Listing the five best mid-round cornerback options for the Eagles

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The NFL Draft is littered with cornerback talent this year, with many going as far to say this is the deepest pool of defensive back talent in recent memory. This bodes extremely well for the Eagles, who go into the event needing to bolster their secondary. Both Leodis McKelvin and Nolan Carroll left the City of Brotherly Love once free agency started, meaning that the team simply have to add starting talent. Names like Gareon Conley and Marlon Humphrey have often been linked to the Eagles, the sheer abundance of depth means they could double dip at cornerback with a lot of confidence. But who are the names who could be available in the middle rounds of the Draft that would be a fit for the tenacious Schwartz Defense?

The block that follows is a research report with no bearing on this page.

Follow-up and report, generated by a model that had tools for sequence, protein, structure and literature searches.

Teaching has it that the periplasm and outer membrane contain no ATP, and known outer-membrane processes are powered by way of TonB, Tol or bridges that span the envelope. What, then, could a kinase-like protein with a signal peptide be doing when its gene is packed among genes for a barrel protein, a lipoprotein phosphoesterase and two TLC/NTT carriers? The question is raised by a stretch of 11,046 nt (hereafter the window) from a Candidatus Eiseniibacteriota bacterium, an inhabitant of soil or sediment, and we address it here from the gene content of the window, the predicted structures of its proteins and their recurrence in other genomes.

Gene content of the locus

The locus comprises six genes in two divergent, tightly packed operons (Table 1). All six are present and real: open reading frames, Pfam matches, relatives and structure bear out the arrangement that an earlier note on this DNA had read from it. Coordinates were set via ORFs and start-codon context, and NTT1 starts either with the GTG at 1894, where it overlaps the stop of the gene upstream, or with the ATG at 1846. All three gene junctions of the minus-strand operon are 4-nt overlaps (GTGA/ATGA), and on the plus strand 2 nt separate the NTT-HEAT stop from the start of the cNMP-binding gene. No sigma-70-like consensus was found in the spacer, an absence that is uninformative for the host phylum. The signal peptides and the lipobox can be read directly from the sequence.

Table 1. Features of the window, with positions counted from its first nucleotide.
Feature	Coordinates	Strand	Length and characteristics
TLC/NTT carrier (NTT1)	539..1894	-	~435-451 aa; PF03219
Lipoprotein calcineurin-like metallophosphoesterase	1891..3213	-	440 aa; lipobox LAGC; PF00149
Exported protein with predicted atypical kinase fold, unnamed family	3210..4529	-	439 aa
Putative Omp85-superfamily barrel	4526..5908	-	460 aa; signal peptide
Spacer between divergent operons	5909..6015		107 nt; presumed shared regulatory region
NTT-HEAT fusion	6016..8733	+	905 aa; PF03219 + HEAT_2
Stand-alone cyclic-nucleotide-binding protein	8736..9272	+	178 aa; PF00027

Scheme fit matters to Jim Schwartz, whether we agree or not..just ask Eric Rowe. So while there may be some explosive talent available in the midst of the NFL Draft, they may not be perfect fits for the Eagles. Below are five of the most “prototypical” corners who could soar with the Eagles.

 

Rasul Douglas, West Virginia
One of the most overlooked corners coming into the Draft, Douglas has great length at 6’2, and size at 209lbs. The Eagles don’t just crave a long cornerback..but a playmaker. In his senior year, Douglas intercepted 8 passes and broke up 8 more. Douglas contributed heavily to a Mountaineers defense that dominated the Big-12, but has all the makings of a strong press corner.